The Polyglot Project: In Their Own Words…
I’m a slooooow mover in the mornings. I flop out of bed, stagger stiff-legged and mostly blind to the kitchen, turn on the kettle, and then fix my breakfast while waiting for the water to boil. With pot, cup, and bowl or plate in hand, I point myself in the direction of the sofa to set up my computer.
First up, email. Second, site stats. Third, twitter.
And twitter is where I found lingosteve’s tweet announcing: The polyglot project, my submission (posterous is no longer online).
I didn’t read Steve’s post (I figured the guts would be in the pdf). Instead, I went straight to The Polyglot Project’s download page on docstock.com: The Polyglot Project _Draft-August 1_ 2010
And there went a chunk of my Sunday. Bye bye.
What is The Polyglot Project?…
Many of the language enthusiasts sharing experiences and tips in The Polyglot Project have YouTube channels, so I located as many as I could (links below). And it was on YouTube where I discovered more about the project from its creator, YouTube polyglot Claude (syzygycc).
Naming it The Polyglot Project is sort of inaccurate because not everyone submitting is a polyglot, or even admits to being one. But they certainly have a passion for learning languages in common. And I agree that giving it a long title such as ‘YouTube Polyglots, Hyperpolyglots, Linguists, Language Learners and Language Lovers’ is too much of a mouthful. But calling it plain ‘Language Lovers’ would be too… sweet. Yes?
From Claude: The Polyglot Project is a book written entirely by YouTube Polyglots and language learners. In it, they explain their foreign language learning methodologies. It is motivating, informative and (dare one say) almost encyclopedic in its scope. There is nothing else like it. And, best of all, it’s completely free!
It is currently in the draft stage. The final book should be ready sometime in late September, 2010. If you wish to submit, it’s not too late–you have until August 31.
It sort of reminds me of a series on WLT – Interviewing Successful Language Learners – excepting that mine is limited to those learning the Thai language (not polyglots), with the replies being less freeform (ok, ok, apart from one: Chris Baker)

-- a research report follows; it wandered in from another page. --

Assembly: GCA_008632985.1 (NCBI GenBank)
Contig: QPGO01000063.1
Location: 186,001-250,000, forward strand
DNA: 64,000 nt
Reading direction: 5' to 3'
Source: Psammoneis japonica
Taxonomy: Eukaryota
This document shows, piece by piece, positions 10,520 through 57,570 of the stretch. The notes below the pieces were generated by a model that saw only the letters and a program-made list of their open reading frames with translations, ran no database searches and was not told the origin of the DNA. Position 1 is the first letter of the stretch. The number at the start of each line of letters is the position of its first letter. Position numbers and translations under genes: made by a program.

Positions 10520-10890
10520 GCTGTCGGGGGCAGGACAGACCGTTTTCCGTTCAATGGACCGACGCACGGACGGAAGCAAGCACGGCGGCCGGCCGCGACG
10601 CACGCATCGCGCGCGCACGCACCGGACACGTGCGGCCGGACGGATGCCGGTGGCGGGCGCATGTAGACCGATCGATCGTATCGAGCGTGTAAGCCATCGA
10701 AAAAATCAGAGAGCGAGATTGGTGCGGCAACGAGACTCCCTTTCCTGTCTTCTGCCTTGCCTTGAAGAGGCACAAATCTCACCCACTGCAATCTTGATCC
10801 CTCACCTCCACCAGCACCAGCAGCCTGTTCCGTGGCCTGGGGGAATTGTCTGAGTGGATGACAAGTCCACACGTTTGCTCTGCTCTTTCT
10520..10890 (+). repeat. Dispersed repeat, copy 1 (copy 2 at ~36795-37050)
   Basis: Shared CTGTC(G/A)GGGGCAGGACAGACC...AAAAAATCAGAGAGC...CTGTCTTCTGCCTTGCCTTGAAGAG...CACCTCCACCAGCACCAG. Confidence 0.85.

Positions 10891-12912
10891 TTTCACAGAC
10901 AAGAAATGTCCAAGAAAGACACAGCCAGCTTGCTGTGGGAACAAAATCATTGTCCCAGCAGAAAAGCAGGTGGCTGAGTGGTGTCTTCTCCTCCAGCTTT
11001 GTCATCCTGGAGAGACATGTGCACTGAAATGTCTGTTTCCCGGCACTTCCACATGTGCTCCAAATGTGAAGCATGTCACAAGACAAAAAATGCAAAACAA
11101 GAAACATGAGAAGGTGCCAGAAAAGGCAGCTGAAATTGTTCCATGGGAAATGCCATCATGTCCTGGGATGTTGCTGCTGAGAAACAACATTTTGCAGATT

Below is the call for action posted at how-to-learn-any-language.com:
I want to put a book together, available to all for free which is written by you language lovers for all language lovers. How did you learn your languages? How has the study of foreign languages enriched your life? Who influenced you? I want to know. Send me a written piece, in English […] About 1-15 pages, covering any topic you wish relating to foreign languages. I’m looking forward to hearing from you guys!
It’s now Sunday the 22nd of August, so those aiming to be included in the project had better get a move on!
Polyglots, Hyperpolyglots, Linguists, Language Lovers and Learners…
As of the August 17th draft, there are 18 language aficionados involved in the project:
Yurithebest (Ukrainian), Shanna Tan (Singaporean), Philip Price (British), Peter E Browne (American), Moses McCormick (American), Amy Burr (American), Ivan Kupka (Slovakian), Oscar (Spanish), Dion Francavilla (Australian-Italian), Nelson Mendez (Venezuelan), Luka Skrbic (Serbian), Félix (Belgian), Graeme (Scottish), < Paul Barbato (American), Anthony Lauder (British), Stephen Eustace (Irish), Skrik (Taiwanese), Raashid Kola (British-Indian), Christopher Sarda (American), Vera (German), Steve Kaufmann (Canadian). Some language enthusiasts talk about their backgrounds, others share tips for learning languages. But I'll wait until the book is published before writing about the tips in any detail. I'm already jumping up and down over the contents, so whatever gets added later is soooooooooo gravy.
Missing YouTube Polyglots, Hyperpolyglots, and Linguists…
I expected to see Steve Kaufman’s entry as well (otherwise known as lingosteve). But I imagine Claude came across Steve’s bits at the same time I did.
No matter. The countdown for final submissions is on… and I’ll be waiting.